Manufacturing gung ho … Both ISM and Markit manufacturing indexes rose, the former for the fourth time in five months to its highest level since May 2004. Factory activity accelerated and was reflected in August’s rebound in factory orders, which exhibited strong gains in core capital goods orders and shipments as companies continued to ramp up capital expenditures. The global PMI also was strong, matching its fastest growth since May 2011 at levels last seen prior to the global financial crisis.

… services, too The ISM nonmanufacturing unexpectedly jumped in September to nearly 60, its highest level in a dozen years and a reading consistent with above-trend economic expansion. It was the biggest increase in a year and the fourth biggest gain on record. Consensus had been expecting a decline. Markit’s reading wasn’t as strong; it actually ticked down for the first time in six months. But it remained in the mid-50s, a level indicative of robust growth, with new orders near a 2-year high.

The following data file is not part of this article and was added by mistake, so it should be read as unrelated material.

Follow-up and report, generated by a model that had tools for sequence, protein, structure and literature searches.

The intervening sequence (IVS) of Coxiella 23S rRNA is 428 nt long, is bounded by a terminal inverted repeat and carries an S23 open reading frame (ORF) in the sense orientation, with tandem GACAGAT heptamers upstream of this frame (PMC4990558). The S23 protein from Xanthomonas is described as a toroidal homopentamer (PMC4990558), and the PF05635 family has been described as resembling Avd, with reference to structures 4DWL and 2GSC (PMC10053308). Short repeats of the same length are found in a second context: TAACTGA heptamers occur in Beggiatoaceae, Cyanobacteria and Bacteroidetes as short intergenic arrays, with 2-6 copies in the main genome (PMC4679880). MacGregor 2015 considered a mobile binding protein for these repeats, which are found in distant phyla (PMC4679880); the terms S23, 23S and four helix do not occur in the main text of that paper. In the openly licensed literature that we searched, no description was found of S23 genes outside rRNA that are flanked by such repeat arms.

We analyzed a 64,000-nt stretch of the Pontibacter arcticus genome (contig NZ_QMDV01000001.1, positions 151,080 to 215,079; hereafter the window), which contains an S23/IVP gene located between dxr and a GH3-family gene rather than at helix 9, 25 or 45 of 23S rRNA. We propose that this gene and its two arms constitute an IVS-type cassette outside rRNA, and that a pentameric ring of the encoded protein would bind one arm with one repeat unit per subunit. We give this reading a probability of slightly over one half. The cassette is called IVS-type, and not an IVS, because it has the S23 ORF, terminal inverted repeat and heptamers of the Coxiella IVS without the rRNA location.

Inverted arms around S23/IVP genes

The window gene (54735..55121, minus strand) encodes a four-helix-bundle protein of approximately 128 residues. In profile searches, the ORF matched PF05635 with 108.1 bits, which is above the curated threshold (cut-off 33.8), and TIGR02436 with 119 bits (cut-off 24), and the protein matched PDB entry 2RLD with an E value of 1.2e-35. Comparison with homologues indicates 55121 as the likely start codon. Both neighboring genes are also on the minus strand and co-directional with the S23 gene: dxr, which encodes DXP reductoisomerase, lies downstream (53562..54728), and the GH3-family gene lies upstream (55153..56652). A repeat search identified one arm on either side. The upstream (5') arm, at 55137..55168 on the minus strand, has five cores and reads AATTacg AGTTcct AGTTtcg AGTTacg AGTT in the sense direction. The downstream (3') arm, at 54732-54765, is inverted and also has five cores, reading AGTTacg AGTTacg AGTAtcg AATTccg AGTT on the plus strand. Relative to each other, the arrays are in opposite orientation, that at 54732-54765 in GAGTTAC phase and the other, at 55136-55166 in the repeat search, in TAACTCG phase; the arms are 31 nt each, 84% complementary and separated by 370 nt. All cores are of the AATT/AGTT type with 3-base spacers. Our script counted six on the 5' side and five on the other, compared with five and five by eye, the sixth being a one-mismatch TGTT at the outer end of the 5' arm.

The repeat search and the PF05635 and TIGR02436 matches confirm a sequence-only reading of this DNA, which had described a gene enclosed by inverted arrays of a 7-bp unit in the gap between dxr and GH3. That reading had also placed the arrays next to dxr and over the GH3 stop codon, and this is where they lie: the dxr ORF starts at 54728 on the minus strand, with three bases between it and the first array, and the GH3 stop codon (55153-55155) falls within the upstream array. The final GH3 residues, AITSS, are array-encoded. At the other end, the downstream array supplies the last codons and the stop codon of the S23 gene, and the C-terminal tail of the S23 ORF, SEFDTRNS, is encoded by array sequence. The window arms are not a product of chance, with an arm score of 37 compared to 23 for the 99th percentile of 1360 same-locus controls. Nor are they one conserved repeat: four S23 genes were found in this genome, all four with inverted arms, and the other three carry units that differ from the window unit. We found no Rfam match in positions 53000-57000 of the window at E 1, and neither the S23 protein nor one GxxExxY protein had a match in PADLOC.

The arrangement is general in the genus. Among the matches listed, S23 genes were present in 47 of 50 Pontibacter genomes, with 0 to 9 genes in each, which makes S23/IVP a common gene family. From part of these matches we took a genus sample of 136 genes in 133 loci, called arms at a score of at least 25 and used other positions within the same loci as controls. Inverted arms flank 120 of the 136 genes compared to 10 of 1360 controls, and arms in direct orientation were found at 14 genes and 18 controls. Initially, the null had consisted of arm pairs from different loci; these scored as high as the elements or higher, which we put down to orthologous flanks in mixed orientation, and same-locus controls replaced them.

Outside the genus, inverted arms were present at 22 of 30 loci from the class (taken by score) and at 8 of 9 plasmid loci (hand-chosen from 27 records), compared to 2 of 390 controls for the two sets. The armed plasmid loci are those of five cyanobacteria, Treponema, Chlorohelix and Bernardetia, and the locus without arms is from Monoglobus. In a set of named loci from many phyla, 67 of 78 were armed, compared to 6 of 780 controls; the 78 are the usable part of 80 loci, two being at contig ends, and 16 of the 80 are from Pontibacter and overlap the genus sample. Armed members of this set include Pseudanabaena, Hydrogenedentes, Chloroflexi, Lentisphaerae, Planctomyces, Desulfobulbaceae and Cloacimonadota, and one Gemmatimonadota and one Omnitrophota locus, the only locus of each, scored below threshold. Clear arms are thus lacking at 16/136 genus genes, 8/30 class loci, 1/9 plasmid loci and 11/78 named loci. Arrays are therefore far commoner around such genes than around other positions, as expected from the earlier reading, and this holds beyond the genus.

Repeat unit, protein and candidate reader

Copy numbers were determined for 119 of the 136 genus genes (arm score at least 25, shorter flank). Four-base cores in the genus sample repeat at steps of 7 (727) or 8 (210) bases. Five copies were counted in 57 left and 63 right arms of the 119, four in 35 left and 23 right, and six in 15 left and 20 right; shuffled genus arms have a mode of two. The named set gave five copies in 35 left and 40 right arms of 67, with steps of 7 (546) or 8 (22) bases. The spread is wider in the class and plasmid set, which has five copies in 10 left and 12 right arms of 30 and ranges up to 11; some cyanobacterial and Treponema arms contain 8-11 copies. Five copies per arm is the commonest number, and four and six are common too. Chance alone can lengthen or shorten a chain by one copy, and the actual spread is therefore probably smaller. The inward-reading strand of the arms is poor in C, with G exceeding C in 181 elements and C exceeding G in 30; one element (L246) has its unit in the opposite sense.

Harvey and Irma lift car sales September light vehicle sales surged 15.3% to an 18.5 million annualized rate, their biggest gain in eight years and the highest sales rate in a dozen years. The increase was partly due to the replacement of vehicles damaged or lost to the hurricanes, which was expected. But WardsAuto says record-high industry incentives and a year-over-year (y/y) decline in transaction prices also were factors as dealers tried to work off inventories ahead of new 2018 models hitting the market. It’s estimated dealers were able to pare inventories from 20% to 10% above demand, suggesting October could see a further lift from deal-driven sales.